February 12, 2018
As Philadelphia Eagles players begin to speak publicly about their Super Bowl season, one theme consistently emerging in interviews is just how much fun the team had during its 16-3 run through the 2017-18 season.
Over the weekend, Eagles left tackle Lane Johnson appeared on Barstool Sports' "Pardon My Take" podcast, where he suggested that the Eagles' victory over the Patriots illustrates a crucial difference in the way the two teams approach the game.
"I just think that The Patriot Way is a fear-based organization. Obviously, do they win? Hell yes, they win. They’ve won for a long time. Do I think people enjoy and can say, ‘I had a lot of fun playing there’? No, I don’t. That’s just the God’s honest truth. Are they successful? Well when they go to interviews, they act like f------ robots. Hey, stop being a d---head. We can be cordial for a little bit. You only get to do this job one time, so let’s have fun while we’re doing it. Not to be reckless, but I would much rather have fun and win a Super Bowl than be miserable and win five Super Bowls. But hey, it is what it is."
Johnson is hardly the first person to criticize the aura that surrounds Patriots head coach Bill Belichick, whose humorless demeanor has a way of stripping color from the team. Cornerback Malcolm Butler's benching in the Super Bowl is just one example of Belichick's disciplinary model apparently taking precedence over putting the best players on the field.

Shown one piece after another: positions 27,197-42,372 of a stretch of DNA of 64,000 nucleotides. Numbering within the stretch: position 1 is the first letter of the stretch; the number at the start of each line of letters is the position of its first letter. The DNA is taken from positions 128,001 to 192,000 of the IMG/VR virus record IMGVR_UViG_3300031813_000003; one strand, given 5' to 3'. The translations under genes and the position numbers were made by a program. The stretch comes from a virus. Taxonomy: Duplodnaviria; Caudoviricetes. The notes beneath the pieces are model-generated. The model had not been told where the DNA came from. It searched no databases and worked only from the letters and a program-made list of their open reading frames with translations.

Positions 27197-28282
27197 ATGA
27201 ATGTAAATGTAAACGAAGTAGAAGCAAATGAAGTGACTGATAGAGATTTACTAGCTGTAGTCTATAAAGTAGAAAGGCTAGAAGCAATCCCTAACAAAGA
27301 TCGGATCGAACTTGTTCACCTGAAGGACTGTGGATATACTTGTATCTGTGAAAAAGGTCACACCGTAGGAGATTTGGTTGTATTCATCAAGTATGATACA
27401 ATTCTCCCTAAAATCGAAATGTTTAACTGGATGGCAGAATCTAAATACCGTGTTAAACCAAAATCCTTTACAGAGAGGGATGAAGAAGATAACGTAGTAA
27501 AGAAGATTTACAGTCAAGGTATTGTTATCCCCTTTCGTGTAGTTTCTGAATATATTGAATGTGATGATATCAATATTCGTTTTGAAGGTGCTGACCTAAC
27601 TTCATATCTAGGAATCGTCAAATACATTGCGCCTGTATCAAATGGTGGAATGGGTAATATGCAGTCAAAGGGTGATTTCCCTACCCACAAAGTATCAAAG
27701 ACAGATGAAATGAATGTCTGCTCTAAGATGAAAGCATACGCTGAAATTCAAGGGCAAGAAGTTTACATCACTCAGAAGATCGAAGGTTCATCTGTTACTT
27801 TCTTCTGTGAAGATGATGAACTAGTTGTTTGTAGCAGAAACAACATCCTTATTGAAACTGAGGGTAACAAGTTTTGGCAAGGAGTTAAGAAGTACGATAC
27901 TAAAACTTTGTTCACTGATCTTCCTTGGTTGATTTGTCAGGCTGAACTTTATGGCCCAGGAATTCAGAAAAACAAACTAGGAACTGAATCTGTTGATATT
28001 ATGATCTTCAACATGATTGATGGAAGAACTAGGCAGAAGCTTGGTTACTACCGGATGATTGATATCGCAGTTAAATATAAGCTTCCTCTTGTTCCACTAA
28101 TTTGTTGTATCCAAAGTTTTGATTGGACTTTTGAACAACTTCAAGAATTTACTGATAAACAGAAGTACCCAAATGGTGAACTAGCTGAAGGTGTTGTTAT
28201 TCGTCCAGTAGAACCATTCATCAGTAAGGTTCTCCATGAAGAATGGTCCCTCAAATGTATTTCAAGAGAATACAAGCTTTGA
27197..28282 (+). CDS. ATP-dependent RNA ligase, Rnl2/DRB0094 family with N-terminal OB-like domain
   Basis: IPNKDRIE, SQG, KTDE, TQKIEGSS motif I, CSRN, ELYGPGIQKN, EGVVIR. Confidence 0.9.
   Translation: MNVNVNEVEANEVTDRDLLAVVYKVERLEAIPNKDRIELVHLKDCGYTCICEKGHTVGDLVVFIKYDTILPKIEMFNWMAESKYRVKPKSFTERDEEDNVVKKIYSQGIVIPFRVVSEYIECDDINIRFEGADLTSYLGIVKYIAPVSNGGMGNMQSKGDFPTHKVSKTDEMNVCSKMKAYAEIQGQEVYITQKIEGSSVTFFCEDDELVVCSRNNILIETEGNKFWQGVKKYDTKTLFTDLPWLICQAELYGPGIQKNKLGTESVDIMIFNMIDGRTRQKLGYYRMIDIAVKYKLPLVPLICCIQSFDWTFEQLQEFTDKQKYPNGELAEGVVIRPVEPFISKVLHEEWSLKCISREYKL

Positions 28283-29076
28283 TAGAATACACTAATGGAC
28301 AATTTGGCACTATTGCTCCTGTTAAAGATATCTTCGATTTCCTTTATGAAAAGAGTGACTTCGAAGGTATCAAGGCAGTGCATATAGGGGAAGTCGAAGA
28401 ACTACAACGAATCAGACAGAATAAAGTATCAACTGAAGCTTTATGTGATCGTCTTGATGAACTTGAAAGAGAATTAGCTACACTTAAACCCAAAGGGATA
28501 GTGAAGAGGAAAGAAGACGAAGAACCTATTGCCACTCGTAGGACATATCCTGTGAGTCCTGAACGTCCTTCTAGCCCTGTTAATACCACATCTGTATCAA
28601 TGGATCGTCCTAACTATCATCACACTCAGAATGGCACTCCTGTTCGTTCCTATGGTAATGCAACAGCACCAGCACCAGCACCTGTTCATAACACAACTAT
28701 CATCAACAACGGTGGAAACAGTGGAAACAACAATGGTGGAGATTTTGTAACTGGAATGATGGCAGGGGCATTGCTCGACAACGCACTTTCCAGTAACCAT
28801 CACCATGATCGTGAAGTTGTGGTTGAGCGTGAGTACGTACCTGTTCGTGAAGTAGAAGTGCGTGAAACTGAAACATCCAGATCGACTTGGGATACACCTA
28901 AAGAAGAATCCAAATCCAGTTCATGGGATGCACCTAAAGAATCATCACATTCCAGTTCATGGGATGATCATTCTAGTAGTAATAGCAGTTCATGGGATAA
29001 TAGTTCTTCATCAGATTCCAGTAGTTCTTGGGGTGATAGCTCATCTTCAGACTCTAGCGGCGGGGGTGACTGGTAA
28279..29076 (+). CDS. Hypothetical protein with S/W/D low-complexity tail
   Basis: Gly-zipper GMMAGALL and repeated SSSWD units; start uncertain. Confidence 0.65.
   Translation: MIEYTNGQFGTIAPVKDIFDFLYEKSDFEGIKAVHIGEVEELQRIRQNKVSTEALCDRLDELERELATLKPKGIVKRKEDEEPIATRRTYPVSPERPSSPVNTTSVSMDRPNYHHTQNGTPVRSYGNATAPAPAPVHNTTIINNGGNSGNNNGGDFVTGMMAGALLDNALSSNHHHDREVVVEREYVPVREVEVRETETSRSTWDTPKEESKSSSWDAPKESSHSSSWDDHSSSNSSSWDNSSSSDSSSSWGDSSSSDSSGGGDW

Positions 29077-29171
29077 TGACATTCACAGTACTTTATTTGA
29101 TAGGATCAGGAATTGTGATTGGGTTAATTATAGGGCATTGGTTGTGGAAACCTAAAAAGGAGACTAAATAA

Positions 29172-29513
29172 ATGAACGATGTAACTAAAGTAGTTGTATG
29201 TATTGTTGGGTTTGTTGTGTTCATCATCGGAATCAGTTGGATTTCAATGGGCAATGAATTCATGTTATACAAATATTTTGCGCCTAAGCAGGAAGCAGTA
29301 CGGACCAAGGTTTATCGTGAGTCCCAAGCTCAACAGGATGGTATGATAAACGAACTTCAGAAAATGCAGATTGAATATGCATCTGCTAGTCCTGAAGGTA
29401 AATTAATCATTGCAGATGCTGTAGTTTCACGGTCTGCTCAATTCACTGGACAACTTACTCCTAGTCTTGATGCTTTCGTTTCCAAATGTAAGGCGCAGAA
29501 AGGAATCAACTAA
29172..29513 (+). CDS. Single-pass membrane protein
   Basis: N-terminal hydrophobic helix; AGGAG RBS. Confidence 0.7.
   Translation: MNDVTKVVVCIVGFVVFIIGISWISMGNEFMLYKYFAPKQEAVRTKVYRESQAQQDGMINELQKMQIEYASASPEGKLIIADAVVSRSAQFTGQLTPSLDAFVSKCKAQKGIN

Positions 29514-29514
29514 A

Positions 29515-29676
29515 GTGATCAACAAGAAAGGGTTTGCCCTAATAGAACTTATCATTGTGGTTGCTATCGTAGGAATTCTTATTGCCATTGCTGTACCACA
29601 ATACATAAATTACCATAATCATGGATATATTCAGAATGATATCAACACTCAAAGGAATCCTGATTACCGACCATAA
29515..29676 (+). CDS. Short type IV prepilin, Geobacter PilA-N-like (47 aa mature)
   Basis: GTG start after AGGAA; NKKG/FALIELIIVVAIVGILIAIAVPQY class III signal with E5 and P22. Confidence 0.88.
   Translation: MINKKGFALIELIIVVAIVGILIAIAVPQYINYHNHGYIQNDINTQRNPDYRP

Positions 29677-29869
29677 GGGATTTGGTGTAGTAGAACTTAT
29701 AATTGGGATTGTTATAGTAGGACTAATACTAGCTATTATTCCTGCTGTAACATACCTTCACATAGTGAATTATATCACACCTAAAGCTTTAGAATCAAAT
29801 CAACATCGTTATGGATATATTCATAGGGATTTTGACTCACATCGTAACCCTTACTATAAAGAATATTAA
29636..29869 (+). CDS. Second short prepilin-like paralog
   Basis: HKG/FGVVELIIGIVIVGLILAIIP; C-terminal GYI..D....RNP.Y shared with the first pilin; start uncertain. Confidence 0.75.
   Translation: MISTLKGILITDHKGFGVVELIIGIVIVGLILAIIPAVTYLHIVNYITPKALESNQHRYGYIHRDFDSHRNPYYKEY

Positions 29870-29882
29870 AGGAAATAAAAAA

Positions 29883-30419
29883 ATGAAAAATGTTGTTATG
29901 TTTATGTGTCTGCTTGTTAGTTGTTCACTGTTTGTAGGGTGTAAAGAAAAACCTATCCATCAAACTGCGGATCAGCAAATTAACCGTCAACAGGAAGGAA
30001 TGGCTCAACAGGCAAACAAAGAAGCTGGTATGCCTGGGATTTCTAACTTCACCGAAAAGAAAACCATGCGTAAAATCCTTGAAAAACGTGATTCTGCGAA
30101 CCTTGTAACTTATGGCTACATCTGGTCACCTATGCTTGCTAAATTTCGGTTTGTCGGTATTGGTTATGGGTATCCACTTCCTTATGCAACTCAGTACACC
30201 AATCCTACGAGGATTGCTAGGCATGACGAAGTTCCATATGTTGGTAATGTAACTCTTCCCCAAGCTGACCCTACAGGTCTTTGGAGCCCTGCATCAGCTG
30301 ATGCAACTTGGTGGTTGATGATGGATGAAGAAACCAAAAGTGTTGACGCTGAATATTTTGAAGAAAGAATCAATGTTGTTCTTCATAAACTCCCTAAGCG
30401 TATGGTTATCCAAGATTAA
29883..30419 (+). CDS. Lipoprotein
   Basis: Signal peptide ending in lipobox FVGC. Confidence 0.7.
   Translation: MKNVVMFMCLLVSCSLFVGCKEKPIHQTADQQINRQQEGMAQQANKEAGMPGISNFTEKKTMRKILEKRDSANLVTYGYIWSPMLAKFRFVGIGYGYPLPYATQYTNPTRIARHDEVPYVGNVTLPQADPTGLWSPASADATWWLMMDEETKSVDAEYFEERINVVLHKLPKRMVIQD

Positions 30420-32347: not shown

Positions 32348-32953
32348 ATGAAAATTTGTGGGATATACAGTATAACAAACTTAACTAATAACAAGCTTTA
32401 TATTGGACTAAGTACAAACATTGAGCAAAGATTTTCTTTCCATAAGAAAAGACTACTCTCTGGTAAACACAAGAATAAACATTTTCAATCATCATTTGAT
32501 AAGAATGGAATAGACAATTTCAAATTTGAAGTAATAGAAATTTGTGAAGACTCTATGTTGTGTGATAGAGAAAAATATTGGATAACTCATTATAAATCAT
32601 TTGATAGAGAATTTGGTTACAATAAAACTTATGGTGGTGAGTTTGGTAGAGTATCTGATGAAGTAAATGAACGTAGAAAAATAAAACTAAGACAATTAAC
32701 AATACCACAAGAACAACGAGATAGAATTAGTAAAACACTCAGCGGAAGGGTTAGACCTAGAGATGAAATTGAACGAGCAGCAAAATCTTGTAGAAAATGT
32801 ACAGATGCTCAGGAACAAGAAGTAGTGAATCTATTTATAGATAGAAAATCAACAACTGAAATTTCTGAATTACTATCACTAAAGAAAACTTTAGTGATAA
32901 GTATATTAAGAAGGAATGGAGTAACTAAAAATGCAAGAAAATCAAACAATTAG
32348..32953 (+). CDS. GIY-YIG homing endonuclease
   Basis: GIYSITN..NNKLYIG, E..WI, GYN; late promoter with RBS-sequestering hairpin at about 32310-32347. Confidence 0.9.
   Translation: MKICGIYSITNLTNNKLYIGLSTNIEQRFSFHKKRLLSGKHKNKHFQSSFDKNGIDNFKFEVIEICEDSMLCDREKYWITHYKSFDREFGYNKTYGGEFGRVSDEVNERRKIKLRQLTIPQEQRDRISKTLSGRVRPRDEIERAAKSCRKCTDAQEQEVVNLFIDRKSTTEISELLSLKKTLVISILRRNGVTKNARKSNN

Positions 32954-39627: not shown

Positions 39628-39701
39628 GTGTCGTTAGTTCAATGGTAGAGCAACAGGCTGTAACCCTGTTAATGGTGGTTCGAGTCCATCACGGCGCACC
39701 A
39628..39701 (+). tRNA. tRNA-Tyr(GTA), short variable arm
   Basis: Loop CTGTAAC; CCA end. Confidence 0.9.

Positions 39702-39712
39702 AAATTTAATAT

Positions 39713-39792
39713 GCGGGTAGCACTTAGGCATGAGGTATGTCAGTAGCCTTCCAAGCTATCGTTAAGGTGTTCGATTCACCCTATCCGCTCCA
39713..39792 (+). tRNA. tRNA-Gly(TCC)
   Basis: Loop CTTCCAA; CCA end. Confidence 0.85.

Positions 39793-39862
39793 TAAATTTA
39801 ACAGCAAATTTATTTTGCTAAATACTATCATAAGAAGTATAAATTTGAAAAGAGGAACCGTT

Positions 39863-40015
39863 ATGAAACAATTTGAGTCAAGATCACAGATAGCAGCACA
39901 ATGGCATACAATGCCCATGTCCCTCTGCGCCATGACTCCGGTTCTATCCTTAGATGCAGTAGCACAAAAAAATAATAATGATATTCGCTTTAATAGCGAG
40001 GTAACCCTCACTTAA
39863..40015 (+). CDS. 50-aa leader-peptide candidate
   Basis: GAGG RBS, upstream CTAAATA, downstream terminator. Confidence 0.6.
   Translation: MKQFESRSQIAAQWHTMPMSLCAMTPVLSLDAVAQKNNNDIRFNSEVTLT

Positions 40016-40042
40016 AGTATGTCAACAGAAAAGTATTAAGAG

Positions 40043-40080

On Monday, former Patriots linebacker and three-time Super Bowl winner Tedy Brushci took exception to Johnson's remarks during an appearance on ESPN's "First Take."
"That's a broad stroke he's using right there just to sort of group us all into the same thing right there," Bruschi said. "Lane Johnson, I don't know what he's talking about. I had a lot of fun. There were so many times that we would speak out in meetings. The entire team meeting would erupt in laughter. We're playing music on the team plane ... We had so much fun. In the ones that I was there, I cannot understand what he was saying there."
Max Kellerman jumped in to point out that Johnson was referring to Belichick's coaching philosophy and the idea that players would have more fun with players' coaches like Doug Pederson. Bruschi wasn't moved by that.
"If you want a relationship and you want to double-date with your coach, go play with those guys. Go ahead," Bruschi said. "If you want to learn how to win games, and consistently win games throughout your career, you play for Bill Belichick."
We'll have to see whether Doug Pederson can build a consistent winner without turning into a mirthless Belichick-type. If he can, it will go to show that the "Patriot Way" might have taken more humanity out of the team than was necessary.